I still haven’t bitten the bullet and upgraded to a new iMac for a few reasons. One is that I was certain that USB 3.0 would be included, but wasn’t. At first I felt that another iMac revision might be coming sooner than expected (early 2011?) with USB 3.0 support, but now I’m not so certain.
The more I think about it, Apple likes to push the envelope, and it’s possible the company will forego USB 3.0 entirely and make the quantum leap to LightSpeed sooner than anyone expects.
Developed by Intel, Light Peak paves the way for a new generation of extreme computer input and output (I/O) performance, delivering 10Gb/s of bandwidth, with the potential ability to scale to 100Gbs over the next decade, according to David Perlmutter, executive vice president and general manager, Intel Architecture Group. At 10Gb/second, a user could purportedly transfer a full-length Blu-Ray movie in less than 30 seconds (of course, Steve Jobs doesn’t’ like Blu-ray, but still….). Intel says it intends to work with the industry to determine the best way to make this new technology a standard.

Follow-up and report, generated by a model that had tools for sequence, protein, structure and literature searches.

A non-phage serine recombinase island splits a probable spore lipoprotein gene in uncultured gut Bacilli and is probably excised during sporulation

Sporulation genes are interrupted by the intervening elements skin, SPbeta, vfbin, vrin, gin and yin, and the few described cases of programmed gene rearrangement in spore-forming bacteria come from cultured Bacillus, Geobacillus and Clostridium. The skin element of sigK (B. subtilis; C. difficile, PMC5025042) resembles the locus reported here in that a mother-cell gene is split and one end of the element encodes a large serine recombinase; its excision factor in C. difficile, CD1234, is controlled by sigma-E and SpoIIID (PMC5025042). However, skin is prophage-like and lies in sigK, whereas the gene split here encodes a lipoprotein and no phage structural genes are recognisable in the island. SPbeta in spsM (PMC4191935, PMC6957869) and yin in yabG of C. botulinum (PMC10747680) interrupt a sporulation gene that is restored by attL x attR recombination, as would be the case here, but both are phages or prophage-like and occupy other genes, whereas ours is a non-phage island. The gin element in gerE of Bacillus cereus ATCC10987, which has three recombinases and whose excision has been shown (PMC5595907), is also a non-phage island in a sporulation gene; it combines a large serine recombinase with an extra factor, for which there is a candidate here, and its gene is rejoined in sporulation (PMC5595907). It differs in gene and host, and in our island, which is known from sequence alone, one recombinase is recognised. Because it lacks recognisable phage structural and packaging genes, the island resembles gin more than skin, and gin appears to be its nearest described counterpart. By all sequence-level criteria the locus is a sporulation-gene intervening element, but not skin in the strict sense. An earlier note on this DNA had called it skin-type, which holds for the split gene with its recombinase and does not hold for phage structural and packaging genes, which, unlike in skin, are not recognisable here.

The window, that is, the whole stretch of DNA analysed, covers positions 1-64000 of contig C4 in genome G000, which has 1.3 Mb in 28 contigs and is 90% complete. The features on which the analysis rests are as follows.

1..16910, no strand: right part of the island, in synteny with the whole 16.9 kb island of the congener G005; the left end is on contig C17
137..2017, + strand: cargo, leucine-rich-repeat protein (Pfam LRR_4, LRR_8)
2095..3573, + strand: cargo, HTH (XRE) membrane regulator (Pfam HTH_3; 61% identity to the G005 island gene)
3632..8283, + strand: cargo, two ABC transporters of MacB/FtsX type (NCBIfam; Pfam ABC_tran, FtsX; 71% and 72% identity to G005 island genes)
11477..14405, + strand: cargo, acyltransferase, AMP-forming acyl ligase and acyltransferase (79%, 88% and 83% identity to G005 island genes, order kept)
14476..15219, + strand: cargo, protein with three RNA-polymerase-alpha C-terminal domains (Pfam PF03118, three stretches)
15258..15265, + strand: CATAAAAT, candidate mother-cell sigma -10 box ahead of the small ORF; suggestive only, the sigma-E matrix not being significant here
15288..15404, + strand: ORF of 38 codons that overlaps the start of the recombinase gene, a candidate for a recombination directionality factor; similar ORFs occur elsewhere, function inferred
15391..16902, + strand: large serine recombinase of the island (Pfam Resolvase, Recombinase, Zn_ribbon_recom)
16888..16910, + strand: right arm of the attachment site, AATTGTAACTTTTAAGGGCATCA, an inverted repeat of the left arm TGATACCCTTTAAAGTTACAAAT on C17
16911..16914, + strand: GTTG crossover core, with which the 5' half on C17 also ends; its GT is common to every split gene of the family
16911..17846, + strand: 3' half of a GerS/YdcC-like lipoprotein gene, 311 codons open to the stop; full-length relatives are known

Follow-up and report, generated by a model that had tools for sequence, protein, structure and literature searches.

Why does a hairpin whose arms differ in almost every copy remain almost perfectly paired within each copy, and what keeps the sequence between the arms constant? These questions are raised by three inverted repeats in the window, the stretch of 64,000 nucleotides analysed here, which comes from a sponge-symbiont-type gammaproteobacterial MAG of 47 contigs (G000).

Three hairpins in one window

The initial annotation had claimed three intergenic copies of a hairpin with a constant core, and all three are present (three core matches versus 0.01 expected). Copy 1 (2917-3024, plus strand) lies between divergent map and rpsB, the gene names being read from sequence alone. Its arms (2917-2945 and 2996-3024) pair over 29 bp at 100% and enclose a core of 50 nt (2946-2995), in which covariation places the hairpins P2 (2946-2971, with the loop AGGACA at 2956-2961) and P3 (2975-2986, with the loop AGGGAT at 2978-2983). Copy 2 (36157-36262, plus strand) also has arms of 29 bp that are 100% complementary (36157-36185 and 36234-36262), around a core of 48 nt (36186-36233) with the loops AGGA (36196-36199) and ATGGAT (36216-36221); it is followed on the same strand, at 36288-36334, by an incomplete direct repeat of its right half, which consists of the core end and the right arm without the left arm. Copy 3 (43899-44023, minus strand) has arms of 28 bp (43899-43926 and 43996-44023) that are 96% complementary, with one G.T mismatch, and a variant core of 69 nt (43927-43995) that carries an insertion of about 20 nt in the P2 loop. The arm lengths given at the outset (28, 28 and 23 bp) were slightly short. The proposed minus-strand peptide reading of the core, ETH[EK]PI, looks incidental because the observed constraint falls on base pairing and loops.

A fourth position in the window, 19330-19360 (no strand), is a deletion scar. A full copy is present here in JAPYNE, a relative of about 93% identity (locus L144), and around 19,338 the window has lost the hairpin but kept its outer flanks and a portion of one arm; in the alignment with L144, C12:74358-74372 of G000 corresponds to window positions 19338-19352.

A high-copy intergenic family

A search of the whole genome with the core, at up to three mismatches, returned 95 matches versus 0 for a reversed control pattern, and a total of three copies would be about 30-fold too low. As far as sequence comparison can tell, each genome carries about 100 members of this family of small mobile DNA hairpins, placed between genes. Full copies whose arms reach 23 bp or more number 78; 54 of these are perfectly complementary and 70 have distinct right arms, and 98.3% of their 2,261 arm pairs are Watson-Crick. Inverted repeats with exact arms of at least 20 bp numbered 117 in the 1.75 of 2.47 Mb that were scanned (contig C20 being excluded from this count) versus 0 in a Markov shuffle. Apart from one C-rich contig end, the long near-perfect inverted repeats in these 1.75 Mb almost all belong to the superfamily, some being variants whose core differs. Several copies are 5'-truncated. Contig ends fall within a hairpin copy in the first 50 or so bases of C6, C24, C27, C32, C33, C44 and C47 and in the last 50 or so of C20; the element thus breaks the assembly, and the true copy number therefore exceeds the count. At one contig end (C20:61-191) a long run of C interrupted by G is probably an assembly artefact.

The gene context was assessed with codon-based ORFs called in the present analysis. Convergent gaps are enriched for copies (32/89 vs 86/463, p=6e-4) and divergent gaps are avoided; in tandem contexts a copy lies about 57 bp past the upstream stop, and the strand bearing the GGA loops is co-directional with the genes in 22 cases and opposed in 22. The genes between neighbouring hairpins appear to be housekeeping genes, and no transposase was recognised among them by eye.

The optical technology allows for smaller connectors and longer, thinner, and more flexible cables than currently possible. Light Peak also has the ability to run multiple protocols simultaneously over a single cable, enabling the technology to connect devices such as peripherals, displays, disk drives, docking stations, and more. Think of it like loading up many cars onto a high-speed bullet train.
So I’m thinking that perhaps we’ll see Light Peak on Macs in the first half of 2011, at first serving as a complement to existing ports. For example, there’s no conflict between USB 2.0 and Light Peak. Macs could sport both. Of course, they could sport Light Peak and USB 3.0 connectivity, as well.
But eventually Light Peak will be a replacement for the cables that currently lead to monitors, external drives, scanners, and just about anything else that plugs in to a computer. A Mac could have a number of Light Peak ports for different devices, or a connection could lead to a hub with multiple connections of its own.
So it may be that Apple will simply skip USB 3.0 for Light Peak. I don’t think it will happen, but that’s certainly a possibility. And for those who would prefer an eSATA port to USB 3.0, OWC (http://www.macsales.com) makes a Turnkey Upgrade Installation Program worth investigating.
That said, I do wish that the new iMacs had an HDMI port and Blu-ray playback support. These are things that mar it from being a near-perfect computer for the living room, as well as the office. I think “CNET” put it well in a review that otherwise loved the new iMac when they said “its dependence on an adapter for home entertainment sticks out like a blemish.”
— Dennis Sellers